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GA4GH Data Access Committee Review Standards’ policy aims to standardise the data access process


For science to advance, researchers need access to the growing troves of data around the world. Robust access procedures can lead to increased transparency and research reproducibility. But for genomic and health data, greater access has the potential for personal health information to be exploited for unintended purposes and carries a greater risk of misuse. Such a risk of data misuse can create distrust between the scientific community and the public and erodes participants’ privacy. To avoid this outcome, data access committees, commonly referred to as DACs, review and manage who can access genomic data. 

DACs steward genomic data with two primary considerations: one is determining whether researchers may access data, and another is protecting participant interests. They are the gatekeepers and guardians of data. 

“DACs are supervised by their institutions and organisations. However, they also abide by jurisdictional policies and frameworks that are already in place to ensure ethical and responsible data sharing,” said Jonathan Lawson, the Data Use and Researcher Identities (DURI) workstream’s Data Use co-lead, and senior software product manager at the Broad Institute of MIT and Harvard. “They allow researchers to request data that was originally collected for one study to be used in subsequent studies.”

Like research ethics committees (also known as institutional review boards), DACs are comprised of teams of multidisciplinary experts; but they also tend to have different operating procedures and policies that they rely on to make their decisions. This can sometimes lead to inconsistencies in approach and access to genomic data both within a DAC and across different datasets in organisations. This can thwart otherwise important uses of genomic data to drive research discovery and medical breakthroughs. Both under- and over-protecting access to genomic data can undermine participants’ interests, many of whom want their data to be used for public benefit, albeit in a responsible manner and aligned with their initial consent to provide their data in the first place. 

In order to ensure that data access requests are met with consistent review criteria, the Global Alliance for Genomics & Health (GA4GH) formed a working group to review and streamline Data Access Committee Review Standards (DACReS) around the world. Intended to unify processes across DACs and data access requests, the group has now published its first product: the GA4GH Data Access Committee Guiding Principles and Procedural Standards.

The genomic data access process can be a tedious one. Normally, researchers request data access by submitting a thoroughly-detailed application to a DAC. The DAC will then meticulously review the request. This includes ensuring that the researcher and the research team are qualified to access and analyse the genomic data; it also includes an assessment of whether the request aligns with the underlying data use terms derived from the participants’ consent. Applicants must respond to issues that arise at each point.

Upon a review by the DAC of an access request, one of three outcomes can arise: the applicant is granted access to the data set, the application is subject to further clarifications from the applicant before it can be approved, or the application is rejected.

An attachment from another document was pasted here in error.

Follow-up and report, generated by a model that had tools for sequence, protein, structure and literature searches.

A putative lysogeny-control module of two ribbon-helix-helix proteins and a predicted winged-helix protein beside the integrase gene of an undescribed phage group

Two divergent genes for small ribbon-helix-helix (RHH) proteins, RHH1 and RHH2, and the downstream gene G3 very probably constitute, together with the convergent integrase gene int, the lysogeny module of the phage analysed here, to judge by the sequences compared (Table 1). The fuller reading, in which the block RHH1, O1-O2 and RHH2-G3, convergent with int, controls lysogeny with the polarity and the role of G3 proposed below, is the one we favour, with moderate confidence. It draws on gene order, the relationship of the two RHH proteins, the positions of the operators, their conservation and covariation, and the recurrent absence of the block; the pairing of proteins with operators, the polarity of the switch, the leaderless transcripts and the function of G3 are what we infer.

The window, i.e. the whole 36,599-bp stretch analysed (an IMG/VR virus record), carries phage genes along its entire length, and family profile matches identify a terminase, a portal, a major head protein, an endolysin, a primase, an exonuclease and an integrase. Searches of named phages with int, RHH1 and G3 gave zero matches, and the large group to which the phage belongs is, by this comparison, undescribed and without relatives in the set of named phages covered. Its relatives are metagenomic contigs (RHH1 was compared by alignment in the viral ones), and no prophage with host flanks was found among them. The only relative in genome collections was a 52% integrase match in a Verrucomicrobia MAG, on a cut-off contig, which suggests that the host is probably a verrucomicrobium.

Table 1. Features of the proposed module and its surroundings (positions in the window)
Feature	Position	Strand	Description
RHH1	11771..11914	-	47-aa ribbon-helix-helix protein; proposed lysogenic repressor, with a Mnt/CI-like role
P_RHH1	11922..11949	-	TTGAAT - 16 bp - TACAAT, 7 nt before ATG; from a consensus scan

The DACReS policy on Data Access Committee Guiding Principles and Procedural Standards lays out specific guidance for DACs, with what are considered “essential” and “desired” criteria for their procedural standards. These principles and standards aim to create an efficient, fair, consistent, and robust review process across DACs globally.  

The new policy acts on the GA4GH mission to accelerate genomic research while respecting the interests of participants from whom data are ultimately sourced. The procedural standards offer DACs a roadmap for creating standard operating procedures, committee terms of reference, access request procedures, data leak solutions, progress reporting, and policy implementation. 

In addition to being promoted as a much-needed, detailed standard for DACs, the DACReS policy is also anticipated to be seen as a helpful guide for DACs to integrate their work with other GA4GH standards, like the Data Use OntologyPassports, and Machine-Readable Consent Guidance. These and other deliverables help ensure responsible access to genomic data distributed around the globe.

“Realising that the focus of the DACReS workgroup at this stage ought to be on procedural standards, as this an important first step to achieving greater harmonisation of DACs, we set a series of planned deliverables in due course, similar to how things have been done across other projects within GA4GH,” said Edward Dove, a Lecturer in Health Law and Regulation at the University of Edinburgh, and with Lawson and Vasiliki Rahimzadeh, a co-lead of the DACReS workgroup (a collaboration between members of the DURI WS and the Regulatory and Ethics WS).

“The group’s next steps are to study the uptake of this policy in DACs worldwide, and periodically revisit the guidance as technology and regulation evolve over time. We anticipate that several of our Driver Projects, some of which are involved within the DACReS group, will take up these guiding principles and procedural standards and let us know how it’s impacting the quality and effectiveness of their genomic data access review process,” said Vasiliki Rahimzadeh, an incoming Assistant Professor at Baylor College of Medicine in Houston, Texas. 

To help drive the development of future deliverables, the DACReS workgroup is currently surveying DAC members globally about their operations and membership. The joint team invites all members to contribute to their 20-minute research survey.